Time to heed the warning signs and dial down risk
“Slower global growth could be the trigger that ends the equities bull run, but there is no cause for panic – either about the economy or about stocks.”
“Tech is one of the most cyclical sectors, and also one of the most expensive in our view, having returned 35% (MSCI ACWI Tech in USD) over the past 12 months. Whilst the long-term case for tech remains on track to benefit from the digital revolution (and is the sector with the highest expected return), tactically this is the time to take some profits. We have cut tech stocks to a single overweight.
“Tech is also a big part of the emerging equity world – 27% of the MSCI Emerging Markets Index compared to 17% of the MSCI World, so it also makes sense to reduce exposure to EM equities.
“What’s more, the asset class has enjoyed very strong inflows – we think it’s now “overbought” so if global equities do indeed witness a correction in the coming weeks, there are grounds to expect that EM stocks’ outperformance will come to an end. We’ve cut EM from overweight to neutral.
“Despite the fact that US equities remain by far the most expensive region, and we are still cautious in the long term, they have historically held up relatively well during periods of global equity downturns. Hence, we have upgraded US stocks to neutral on a tactical, short-term basis.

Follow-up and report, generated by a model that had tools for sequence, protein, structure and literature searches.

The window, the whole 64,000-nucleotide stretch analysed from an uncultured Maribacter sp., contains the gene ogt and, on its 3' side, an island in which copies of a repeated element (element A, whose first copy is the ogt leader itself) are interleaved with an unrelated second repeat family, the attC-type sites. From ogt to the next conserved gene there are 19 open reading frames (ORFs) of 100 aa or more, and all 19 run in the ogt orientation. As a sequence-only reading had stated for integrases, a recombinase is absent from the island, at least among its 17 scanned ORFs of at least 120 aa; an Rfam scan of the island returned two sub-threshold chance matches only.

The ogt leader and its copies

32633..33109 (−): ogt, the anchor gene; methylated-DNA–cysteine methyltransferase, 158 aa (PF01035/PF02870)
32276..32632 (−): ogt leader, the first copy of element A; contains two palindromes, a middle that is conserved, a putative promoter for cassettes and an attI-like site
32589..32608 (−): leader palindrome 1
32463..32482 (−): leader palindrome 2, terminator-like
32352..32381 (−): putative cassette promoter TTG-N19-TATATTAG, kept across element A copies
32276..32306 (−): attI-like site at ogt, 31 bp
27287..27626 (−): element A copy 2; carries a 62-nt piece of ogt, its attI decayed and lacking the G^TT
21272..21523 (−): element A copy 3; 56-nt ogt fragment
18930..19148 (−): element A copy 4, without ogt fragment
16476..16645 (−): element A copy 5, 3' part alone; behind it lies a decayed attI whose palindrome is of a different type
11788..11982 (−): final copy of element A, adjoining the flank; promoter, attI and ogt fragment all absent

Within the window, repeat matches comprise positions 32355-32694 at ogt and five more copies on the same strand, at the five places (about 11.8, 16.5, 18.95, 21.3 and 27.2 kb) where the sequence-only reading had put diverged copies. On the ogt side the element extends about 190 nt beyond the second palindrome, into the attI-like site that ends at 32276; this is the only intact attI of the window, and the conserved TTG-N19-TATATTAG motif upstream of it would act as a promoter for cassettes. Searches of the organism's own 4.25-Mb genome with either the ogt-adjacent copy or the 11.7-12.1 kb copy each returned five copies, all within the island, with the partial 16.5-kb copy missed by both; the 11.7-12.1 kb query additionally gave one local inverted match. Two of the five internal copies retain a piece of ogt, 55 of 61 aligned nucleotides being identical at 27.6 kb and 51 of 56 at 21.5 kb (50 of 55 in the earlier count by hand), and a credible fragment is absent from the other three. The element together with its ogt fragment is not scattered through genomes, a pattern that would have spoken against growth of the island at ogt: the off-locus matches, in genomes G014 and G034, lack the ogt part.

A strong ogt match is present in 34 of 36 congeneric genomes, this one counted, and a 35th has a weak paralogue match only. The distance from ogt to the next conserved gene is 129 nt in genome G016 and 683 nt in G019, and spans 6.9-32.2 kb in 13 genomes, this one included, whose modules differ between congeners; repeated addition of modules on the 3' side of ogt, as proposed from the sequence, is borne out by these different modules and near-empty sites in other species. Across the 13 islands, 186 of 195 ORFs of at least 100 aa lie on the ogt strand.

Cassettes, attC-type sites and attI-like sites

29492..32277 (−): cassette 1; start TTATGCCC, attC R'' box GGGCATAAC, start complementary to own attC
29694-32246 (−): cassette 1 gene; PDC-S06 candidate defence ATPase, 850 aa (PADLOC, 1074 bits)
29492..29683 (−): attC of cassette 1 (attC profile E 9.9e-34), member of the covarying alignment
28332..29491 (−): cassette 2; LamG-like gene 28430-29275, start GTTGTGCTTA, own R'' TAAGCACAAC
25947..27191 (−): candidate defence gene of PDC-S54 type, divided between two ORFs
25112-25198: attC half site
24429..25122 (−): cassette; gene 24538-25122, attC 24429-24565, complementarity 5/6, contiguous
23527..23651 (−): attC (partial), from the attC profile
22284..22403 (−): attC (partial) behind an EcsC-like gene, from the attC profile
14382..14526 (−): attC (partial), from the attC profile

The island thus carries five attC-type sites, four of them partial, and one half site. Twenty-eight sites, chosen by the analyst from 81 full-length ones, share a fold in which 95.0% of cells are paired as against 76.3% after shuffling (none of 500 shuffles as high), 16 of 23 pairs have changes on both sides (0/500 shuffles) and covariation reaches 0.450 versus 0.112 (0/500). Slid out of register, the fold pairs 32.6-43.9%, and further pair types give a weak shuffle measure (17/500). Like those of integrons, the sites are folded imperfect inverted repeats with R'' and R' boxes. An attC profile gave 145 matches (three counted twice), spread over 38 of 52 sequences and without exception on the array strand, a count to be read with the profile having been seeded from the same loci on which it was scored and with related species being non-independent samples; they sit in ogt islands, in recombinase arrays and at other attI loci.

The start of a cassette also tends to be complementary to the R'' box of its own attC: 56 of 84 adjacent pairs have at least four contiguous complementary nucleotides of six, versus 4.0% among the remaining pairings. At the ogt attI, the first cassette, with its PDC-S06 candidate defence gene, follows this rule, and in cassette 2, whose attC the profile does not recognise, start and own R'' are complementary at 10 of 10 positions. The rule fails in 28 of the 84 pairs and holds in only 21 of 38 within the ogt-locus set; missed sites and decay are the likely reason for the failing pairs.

“Europe is one of the brightest spots in our equity universe, supported by still abundant liquidity and strong economic momentum, although gains mean valuations are no longer quite as attractive as they were in Q4 2016. But in dollar terms, it looks much cheaper than US, especially considering the earlier stage in the business cycle. We retain our overweight positions on euro zone and the UK, and also remain positive on Japan.
“A widening gap between the Fed’s hawkish guidance on monetary policy and the market’s dovish rate expectations has prompted us to take profits on US Treasury bonds and trim to neutral from overweight. Despite central bank signals of another possible rate hike in December, the market is ascribing just a 40% probability to this outcome. We think that market expectations have got ahead of themselves. Thus, it makes sense to reduce duration on Treasury bonds.
“Elsewhere, narrowing US investment grade bond spreads has prompted us to cut the asset class to neutral. We remain negative on European fixed income as yield spreads look overly tight. There’s a chance the ECB could end up making a policy mistake by prematurely ending policy accommodation – we expect them to announce an asset purchase “taper” as early as September.
“Emerging market local currency bonds are worth holding – we expect the dollar to weaken as the Fed moderates its policy stance, plus they offer an attractive yield of 6.2%.
“The euro, Swiss franc and gold all look positive. Sterling remains an underweight – Brexit negotiations are unlikely to produce anything positive soon, and the UK economy is starting to struggle – although the BoE appears to be shifting from its super-accommodative stance as pound depreciation-led inflationary pressures increase.”
Luca Paolini, chief strategist at Pictet Asset Management